I recently attended a social gathering with friends, family, strangers and a bunch of cute kids. As the day ended and goodbyes were shared, I over heard a six-year-old quietly ask her mother for something. Suddenly, in front of the crowd, the mother exploded and yelled hysterically at the child. The little girl was silenced with tears streaming down her cheeks. It looked like a familiar scene for mother and daughter. The crowd silenced too, but quickly acted like nothing happened. This example of shaming and humiliating a child can have long-term devastating effects. Will this little girl grow up to respect her mother? “ Wherever I look, I see signs of the commandment to honor one’s parents and nowhere of a commandment that calls for the respect of a child.” Children respect those who respect them. The above quote comes from my colleague, Alice Miller, who passed in 2010. Her deeply thoughtful and profound work continues to inspire. She’s considered the most articulate child advocate in the world. Adult children raised by narcissistic parents frequently tell similar childhood stories of shame and humiliation. Often these shaming acts take place in front of other people. Treating children badly and without respect is not the golden rule for parenting, but why do we see this so often? Just today, a friend shared a similar story. Her brother frequently shames his children. When the family gets together, he loudly announces the wrong doings of his children, with no insight to the damage it does. The children stand listening with eyes cast downward. Is it any wonder that young people in these situations grow into adults with self-doubt, depression and anxiety? Karyl McBride, Ph.D. http://www.psychologytoday.com/blog/the-legacy-distorted-love/201209/shaming-children-is-emotionally-abusive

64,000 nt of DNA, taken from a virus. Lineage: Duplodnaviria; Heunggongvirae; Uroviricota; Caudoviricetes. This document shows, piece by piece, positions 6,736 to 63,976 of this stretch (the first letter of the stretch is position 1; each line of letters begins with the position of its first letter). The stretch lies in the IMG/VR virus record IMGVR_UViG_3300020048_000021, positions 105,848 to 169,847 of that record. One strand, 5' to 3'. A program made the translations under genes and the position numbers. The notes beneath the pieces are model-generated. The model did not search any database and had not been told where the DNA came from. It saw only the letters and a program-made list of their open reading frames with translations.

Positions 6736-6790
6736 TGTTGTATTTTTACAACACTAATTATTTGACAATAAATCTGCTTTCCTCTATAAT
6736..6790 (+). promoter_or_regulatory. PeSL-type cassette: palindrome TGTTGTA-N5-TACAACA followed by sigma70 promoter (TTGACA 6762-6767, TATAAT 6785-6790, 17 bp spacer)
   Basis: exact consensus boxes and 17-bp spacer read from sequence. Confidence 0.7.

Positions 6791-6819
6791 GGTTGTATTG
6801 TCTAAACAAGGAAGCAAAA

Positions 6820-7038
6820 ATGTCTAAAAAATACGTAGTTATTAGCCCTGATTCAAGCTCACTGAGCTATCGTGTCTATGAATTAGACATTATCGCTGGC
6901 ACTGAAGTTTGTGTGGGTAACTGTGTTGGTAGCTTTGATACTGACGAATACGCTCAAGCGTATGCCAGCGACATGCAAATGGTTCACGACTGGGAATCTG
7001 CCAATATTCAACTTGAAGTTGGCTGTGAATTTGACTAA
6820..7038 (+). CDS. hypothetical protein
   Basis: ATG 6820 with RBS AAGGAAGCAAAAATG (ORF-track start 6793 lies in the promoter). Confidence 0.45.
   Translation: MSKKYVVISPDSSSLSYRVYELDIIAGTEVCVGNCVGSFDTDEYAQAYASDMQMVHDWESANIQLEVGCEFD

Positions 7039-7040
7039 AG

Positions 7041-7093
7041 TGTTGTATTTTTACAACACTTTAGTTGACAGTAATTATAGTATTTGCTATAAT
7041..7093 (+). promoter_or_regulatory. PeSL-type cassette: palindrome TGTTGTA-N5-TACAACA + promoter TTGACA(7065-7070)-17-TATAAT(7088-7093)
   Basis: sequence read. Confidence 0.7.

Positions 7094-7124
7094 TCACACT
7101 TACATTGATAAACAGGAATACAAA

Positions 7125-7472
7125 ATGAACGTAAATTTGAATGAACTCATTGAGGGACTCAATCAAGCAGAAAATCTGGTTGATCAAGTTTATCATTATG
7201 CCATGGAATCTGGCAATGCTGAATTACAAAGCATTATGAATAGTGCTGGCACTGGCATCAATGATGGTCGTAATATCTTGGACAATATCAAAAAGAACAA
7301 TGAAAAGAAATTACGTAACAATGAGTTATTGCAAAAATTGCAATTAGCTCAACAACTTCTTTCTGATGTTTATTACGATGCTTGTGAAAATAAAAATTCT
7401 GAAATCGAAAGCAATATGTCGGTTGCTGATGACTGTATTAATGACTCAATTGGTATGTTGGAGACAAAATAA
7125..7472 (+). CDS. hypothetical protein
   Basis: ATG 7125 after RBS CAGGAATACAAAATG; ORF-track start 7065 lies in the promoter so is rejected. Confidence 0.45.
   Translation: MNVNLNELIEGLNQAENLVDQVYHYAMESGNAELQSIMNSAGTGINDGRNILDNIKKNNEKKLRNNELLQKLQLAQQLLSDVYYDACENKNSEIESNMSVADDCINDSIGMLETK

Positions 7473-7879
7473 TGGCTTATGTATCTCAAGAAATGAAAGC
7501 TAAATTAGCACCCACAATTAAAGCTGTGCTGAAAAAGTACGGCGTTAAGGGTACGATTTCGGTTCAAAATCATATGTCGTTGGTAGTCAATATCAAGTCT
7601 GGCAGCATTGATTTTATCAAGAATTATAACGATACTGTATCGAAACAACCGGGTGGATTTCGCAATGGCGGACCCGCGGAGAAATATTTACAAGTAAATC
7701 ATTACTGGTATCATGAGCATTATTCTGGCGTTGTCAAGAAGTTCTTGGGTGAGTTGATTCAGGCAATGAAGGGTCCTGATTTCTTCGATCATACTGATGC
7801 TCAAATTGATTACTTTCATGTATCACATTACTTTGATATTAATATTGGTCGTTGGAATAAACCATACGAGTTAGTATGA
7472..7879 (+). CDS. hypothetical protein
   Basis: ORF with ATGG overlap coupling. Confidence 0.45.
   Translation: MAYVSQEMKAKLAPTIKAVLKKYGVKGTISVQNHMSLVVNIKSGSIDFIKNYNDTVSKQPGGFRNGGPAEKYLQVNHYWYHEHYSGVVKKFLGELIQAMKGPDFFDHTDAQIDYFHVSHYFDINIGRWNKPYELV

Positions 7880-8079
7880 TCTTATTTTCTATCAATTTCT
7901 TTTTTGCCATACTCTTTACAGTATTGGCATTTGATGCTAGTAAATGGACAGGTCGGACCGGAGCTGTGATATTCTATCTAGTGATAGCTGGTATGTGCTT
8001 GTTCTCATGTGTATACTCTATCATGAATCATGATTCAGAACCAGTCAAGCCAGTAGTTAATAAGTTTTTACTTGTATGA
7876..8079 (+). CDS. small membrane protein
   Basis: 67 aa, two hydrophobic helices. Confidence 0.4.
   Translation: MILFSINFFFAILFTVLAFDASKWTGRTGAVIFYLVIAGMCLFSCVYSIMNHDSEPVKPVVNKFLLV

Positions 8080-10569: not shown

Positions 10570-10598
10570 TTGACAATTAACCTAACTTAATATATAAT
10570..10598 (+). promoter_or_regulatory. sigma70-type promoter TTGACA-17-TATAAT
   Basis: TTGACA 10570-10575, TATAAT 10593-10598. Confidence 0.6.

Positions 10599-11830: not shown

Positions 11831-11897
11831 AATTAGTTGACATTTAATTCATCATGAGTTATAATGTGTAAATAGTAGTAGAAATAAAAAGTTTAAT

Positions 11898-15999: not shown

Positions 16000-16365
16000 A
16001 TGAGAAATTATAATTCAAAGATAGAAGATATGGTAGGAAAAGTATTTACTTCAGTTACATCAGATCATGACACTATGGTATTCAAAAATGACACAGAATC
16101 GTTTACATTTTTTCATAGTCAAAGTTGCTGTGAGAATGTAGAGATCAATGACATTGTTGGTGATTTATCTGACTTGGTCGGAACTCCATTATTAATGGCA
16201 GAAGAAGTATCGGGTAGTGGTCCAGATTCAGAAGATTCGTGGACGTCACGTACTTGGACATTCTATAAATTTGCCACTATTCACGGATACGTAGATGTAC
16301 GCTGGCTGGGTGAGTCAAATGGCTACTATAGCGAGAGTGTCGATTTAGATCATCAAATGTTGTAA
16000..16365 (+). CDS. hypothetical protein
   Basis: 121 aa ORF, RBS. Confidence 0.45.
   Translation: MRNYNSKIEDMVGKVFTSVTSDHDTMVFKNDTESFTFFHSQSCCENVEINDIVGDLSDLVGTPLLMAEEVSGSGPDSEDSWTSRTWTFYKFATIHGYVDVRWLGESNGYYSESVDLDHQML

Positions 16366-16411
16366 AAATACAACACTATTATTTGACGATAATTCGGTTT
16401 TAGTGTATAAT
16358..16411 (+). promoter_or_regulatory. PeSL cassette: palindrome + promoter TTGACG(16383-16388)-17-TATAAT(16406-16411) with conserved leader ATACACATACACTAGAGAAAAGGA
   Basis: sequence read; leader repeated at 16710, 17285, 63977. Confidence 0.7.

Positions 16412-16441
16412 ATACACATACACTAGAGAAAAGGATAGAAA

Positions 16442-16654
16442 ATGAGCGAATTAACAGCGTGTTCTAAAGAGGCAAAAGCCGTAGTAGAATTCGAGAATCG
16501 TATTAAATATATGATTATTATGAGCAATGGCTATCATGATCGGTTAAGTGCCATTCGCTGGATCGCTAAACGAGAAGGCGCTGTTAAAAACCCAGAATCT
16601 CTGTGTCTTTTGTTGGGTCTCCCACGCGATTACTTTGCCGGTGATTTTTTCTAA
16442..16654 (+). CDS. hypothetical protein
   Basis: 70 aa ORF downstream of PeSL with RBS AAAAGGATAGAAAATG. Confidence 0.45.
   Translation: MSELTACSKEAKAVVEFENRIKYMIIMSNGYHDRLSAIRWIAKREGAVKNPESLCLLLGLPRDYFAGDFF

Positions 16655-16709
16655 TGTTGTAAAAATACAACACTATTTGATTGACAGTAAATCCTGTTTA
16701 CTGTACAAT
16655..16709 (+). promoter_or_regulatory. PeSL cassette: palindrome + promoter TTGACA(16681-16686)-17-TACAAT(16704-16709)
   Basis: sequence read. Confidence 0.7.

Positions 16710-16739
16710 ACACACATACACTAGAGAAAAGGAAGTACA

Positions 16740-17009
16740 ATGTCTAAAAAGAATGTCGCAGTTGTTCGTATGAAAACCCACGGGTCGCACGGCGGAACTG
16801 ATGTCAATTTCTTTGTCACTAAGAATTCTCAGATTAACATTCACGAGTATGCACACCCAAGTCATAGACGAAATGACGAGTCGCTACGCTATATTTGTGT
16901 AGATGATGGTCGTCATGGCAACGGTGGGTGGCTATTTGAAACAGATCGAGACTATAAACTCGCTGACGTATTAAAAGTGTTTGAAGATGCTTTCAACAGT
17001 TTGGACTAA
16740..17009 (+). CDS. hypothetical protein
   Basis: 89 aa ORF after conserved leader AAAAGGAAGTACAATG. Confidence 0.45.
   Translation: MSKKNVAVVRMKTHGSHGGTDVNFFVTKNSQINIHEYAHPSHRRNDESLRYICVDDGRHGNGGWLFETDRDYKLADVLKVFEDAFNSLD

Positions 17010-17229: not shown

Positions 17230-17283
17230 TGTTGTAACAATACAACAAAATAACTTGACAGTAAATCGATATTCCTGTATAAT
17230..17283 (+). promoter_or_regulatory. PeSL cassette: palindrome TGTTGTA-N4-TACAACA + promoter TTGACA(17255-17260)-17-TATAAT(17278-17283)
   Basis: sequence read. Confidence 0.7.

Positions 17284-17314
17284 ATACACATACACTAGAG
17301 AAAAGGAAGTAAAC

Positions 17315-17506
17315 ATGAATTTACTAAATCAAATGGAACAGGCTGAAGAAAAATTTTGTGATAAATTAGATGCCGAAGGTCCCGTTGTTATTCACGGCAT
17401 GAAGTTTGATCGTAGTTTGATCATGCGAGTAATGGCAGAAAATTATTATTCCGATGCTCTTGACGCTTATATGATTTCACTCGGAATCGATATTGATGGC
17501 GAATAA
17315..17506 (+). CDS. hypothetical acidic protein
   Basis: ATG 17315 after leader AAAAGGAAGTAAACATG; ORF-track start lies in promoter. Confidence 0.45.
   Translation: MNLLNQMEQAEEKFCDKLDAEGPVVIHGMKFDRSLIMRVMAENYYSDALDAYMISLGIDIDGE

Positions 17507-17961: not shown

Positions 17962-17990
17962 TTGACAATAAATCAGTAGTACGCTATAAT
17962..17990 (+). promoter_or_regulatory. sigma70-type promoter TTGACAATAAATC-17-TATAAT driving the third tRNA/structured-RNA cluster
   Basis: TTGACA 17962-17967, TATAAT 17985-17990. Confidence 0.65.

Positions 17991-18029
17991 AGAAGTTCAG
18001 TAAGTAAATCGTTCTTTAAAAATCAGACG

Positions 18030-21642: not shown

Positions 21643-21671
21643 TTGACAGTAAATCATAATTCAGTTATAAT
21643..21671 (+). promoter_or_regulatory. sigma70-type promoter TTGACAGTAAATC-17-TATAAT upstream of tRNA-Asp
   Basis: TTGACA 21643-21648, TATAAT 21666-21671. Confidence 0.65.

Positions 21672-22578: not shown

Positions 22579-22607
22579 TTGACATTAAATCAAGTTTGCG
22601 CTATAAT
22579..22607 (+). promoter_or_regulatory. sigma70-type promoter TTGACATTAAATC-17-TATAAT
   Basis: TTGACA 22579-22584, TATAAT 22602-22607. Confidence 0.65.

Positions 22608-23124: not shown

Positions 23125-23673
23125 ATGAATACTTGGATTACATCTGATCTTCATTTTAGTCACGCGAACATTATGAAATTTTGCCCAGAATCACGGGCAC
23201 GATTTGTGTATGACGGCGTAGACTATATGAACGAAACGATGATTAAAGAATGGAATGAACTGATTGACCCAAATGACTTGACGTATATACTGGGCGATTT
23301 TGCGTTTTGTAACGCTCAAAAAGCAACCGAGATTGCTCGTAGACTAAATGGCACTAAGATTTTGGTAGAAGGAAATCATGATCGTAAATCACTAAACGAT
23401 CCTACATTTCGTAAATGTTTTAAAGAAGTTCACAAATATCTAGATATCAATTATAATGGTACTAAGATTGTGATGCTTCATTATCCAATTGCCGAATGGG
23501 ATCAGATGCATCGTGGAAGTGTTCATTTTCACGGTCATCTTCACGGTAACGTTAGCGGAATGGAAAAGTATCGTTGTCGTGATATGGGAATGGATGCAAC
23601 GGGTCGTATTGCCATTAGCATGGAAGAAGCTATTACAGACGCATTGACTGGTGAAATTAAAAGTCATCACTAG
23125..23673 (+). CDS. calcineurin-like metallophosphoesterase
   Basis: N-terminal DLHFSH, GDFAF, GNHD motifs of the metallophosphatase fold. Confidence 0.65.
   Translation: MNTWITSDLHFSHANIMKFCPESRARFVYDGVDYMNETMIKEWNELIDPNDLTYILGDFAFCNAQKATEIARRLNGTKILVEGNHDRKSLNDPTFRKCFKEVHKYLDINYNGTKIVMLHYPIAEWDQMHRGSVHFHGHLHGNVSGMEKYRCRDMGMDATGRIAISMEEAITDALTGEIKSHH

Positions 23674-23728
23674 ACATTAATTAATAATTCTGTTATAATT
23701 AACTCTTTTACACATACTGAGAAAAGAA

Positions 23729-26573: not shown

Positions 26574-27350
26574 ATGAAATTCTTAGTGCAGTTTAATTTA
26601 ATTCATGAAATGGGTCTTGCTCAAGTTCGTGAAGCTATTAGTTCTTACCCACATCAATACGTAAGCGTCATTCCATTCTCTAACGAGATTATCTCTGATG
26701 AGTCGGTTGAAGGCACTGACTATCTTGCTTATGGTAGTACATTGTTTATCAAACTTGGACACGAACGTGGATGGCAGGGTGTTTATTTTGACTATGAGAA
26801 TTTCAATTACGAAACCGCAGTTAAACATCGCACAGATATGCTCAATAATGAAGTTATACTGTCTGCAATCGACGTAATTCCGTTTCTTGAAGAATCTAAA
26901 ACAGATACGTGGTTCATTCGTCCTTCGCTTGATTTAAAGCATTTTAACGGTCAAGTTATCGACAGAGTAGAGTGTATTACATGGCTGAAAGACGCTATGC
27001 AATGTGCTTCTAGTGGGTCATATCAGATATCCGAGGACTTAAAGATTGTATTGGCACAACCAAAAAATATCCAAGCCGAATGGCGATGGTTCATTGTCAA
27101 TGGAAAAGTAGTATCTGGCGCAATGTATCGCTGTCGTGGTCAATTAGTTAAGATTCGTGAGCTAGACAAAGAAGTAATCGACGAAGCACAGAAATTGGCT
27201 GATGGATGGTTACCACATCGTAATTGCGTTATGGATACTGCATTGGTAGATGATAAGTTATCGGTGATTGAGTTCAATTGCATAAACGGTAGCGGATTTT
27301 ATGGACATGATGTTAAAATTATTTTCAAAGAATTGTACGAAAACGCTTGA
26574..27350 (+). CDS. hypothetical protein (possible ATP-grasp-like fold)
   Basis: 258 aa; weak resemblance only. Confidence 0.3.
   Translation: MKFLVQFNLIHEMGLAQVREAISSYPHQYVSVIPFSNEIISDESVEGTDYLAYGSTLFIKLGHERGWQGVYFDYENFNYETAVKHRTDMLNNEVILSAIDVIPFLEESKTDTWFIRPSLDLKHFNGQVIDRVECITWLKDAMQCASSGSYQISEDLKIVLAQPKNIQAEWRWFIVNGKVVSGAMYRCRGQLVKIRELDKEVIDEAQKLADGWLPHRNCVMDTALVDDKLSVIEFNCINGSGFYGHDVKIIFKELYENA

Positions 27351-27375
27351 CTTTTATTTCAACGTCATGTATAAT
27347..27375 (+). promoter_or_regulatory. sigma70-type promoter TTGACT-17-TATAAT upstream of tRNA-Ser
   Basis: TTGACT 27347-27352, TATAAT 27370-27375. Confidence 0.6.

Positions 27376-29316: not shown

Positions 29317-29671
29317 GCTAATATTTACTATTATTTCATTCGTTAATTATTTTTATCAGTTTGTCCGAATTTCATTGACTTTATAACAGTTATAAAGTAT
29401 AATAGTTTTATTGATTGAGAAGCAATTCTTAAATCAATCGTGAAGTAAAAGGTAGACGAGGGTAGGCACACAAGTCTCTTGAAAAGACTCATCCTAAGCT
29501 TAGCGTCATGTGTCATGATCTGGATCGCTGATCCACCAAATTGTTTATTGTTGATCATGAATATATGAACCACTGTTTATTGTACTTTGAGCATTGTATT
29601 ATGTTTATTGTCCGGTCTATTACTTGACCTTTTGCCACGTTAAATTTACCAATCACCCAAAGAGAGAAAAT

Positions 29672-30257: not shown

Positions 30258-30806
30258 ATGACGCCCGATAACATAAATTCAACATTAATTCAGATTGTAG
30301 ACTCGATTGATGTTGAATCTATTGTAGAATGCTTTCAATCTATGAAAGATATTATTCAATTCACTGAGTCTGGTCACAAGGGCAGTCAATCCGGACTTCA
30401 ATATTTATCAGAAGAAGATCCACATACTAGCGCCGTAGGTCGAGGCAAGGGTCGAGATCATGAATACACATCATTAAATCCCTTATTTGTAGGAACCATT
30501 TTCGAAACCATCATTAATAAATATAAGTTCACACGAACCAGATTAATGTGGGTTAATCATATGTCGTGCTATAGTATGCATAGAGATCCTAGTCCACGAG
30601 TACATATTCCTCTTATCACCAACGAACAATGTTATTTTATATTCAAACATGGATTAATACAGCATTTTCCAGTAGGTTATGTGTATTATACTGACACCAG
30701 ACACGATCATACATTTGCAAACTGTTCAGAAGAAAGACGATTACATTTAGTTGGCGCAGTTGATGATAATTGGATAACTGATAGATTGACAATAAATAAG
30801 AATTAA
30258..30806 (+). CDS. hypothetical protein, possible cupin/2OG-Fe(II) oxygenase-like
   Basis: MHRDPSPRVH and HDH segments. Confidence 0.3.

Children must be taught
how to think, not what to think.